Days after the University of Notre Dame decided to cover murals of Christopher Columbus within its main building, the Columbus Citizens Foundation is urging the school to reconsider its decision.
The foundation has called the censorship of the 12 murals, painted by Luigi Gregori in the 1880s to illustrate the life of Columbus, as an “eradication of history.”
“We cannot understand how an institution of higher learning is willing to participate in the eradication of history in such a blatant manner,” Marian Pardo, president of the foundation said.
“Thousands of Americans of all ethnicities and races across the nation have always looked to Notre Dame as an institution dedicated to the expansion of knowledge and the recognition of the contributions of all. The University’s recent decision affirms that this trust was misplaced.”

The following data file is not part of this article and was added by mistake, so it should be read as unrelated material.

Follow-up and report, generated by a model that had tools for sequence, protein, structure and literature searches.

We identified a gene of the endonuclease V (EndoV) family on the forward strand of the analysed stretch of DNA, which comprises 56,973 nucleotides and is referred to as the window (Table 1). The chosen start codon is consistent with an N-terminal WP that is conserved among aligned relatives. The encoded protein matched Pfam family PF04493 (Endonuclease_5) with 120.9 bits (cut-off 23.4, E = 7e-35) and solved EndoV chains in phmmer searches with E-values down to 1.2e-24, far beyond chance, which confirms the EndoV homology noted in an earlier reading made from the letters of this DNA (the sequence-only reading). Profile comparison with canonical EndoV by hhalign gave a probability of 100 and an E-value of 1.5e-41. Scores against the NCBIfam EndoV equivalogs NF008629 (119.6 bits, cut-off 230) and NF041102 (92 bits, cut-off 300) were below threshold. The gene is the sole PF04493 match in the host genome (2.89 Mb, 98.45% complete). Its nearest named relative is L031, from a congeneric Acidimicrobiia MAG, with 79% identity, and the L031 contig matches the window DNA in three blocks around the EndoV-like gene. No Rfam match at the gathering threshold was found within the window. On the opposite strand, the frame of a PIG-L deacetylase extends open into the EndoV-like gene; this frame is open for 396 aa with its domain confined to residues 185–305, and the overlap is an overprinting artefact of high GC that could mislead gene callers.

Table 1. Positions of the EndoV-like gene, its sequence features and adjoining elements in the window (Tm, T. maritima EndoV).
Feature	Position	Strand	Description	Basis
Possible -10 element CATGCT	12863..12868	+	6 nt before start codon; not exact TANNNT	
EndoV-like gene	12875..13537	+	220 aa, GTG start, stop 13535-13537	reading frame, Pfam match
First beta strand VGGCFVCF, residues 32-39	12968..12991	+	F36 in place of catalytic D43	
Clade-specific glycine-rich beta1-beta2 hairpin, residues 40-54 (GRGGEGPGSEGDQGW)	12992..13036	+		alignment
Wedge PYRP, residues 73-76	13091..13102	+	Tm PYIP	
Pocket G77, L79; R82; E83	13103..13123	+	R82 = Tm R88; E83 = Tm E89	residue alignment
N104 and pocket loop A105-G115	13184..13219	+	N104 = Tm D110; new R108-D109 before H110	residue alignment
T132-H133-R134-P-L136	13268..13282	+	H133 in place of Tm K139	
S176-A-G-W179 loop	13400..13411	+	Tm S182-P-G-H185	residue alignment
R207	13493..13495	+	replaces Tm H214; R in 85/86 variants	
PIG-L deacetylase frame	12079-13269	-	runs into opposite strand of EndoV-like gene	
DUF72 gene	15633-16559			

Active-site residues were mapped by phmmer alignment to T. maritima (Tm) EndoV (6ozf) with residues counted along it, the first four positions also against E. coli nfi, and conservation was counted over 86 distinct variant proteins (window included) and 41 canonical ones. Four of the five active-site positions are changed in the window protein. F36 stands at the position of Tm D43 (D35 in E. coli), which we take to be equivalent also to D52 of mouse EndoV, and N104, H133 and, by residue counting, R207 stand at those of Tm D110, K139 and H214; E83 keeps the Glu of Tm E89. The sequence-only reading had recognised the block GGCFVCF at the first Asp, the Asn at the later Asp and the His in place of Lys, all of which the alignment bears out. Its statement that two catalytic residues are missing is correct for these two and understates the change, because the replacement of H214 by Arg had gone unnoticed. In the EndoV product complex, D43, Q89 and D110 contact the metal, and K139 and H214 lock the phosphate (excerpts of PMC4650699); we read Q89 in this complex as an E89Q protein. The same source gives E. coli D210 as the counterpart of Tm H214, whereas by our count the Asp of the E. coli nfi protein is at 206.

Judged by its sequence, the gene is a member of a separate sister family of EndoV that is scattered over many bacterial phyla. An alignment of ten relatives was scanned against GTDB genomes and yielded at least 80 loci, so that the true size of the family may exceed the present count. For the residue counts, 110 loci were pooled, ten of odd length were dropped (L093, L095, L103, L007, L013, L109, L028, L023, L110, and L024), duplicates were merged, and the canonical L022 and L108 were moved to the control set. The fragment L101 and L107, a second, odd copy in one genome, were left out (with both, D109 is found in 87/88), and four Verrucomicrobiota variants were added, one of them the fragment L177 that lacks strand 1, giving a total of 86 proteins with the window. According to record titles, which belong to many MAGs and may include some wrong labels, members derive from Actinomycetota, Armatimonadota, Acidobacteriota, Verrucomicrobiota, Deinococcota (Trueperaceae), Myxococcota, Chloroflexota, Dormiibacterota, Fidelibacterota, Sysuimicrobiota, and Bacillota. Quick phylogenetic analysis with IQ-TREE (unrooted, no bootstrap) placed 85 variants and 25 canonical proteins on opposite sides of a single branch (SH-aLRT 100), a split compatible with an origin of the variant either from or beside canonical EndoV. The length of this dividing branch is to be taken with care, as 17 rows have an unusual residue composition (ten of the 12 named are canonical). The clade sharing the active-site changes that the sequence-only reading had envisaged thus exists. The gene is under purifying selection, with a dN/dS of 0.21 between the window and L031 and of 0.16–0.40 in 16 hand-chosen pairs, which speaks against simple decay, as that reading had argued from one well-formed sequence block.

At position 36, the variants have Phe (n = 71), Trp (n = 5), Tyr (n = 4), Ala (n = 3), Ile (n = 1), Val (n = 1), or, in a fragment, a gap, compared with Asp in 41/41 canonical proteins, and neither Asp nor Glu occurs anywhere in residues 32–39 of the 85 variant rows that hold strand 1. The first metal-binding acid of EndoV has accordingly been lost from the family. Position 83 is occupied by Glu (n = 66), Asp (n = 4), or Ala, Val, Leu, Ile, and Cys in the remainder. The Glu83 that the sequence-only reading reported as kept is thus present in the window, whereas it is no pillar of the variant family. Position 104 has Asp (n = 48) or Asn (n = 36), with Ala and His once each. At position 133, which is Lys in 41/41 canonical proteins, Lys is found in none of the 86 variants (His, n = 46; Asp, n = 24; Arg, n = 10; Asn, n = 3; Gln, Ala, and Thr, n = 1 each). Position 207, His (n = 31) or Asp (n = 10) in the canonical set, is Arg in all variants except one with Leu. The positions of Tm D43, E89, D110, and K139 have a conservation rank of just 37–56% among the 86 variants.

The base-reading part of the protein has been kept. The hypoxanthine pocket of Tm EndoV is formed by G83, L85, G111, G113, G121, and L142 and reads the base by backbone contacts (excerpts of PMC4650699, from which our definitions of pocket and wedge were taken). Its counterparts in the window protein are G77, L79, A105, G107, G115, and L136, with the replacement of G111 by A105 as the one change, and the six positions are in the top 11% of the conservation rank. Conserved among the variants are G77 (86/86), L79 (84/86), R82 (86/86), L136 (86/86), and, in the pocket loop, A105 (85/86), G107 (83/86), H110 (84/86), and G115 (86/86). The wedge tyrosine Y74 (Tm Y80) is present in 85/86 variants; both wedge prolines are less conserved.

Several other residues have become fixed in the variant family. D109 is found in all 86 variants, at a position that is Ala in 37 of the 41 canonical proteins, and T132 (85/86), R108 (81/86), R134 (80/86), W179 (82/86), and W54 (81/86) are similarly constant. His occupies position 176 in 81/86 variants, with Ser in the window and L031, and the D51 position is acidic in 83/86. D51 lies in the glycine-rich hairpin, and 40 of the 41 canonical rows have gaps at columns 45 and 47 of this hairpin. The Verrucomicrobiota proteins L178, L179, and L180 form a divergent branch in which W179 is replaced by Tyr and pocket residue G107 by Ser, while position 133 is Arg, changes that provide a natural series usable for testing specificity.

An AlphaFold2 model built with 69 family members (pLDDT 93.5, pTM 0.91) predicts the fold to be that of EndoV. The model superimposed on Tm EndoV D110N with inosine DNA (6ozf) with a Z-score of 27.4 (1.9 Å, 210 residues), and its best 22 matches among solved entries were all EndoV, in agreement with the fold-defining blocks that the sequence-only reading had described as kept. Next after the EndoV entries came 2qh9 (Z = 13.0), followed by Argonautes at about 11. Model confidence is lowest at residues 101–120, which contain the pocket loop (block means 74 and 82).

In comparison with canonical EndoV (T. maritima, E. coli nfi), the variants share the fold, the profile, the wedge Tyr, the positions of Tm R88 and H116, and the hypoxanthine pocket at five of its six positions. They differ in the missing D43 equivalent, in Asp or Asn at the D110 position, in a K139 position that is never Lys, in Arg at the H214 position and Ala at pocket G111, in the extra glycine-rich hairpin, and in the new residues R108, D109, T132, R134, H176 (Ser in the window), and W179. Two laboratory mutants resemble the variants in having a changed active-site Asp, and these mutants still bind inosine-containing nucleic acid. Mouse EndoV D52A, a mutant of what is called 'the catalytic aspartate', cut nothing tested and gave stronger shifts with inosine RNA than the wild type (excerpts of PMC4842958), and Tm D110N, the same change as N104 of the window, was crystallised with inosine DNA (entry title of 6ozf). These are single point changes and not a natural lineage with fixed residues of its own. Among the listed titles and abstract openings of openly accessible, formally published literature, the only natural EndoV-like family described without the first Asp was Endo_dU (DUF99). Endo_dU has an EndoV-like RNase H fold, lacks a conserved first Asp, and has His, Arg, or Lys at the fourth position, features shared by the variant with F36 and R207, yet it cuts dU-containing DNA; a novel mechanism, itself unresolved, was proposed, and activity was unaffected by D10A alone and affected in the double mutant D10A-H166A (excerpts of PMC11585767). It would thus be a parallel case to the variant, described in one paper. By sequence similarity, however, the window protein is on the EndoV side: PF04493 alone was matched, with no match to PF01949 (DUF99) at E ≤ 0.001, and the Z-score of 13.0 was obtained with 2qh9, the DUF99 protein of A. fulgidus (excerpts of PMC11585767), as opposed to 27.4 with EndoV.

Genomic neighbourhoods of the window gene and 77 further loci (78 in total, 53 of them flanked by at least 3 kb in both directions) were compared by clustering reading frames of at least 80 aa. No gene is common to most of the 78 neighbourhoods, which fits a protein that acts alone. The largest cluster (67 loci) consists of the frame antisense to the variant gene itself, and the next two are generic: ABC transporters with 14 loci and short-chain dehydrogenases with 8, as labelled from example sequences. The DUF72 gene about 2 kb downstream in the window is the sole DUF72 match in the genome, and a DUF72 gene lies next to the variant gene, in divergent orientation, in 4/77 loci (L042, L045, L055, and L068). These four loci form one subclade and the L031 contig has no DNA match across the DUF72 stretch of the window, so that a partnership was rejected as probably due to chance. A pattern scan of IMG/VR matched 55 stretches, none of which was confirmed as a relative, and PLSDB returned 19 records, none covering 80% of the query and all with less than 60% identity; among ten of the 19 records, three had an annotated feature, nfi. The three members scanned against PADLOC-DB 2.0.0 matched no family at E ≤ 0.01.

On Sunday, university president Rev. John I. Jenkins announced the decision after consulting with the university’s Board of Fellows, in a letter addressed to its community members.
“In recent years, however, many have come to see the murals as at best blind to the consequences of Columbus’s voyage for the indigenous peoples who inhabited this “new” world and at worst demeaning toward them,” Jenkins wrote.
“For the native peoples of this “new” land, however, Columbus’s arrival was nothing short of a catastrophe. Whatever else Columbus’s arrival brought, for these peoples it led to exploitation, expropriation of land, repression of vibrant cultures, enslavement, and new diseases causing epidemics that killed millions.”
The university will preserve the murals, but not leave them on display at their current location, the president said.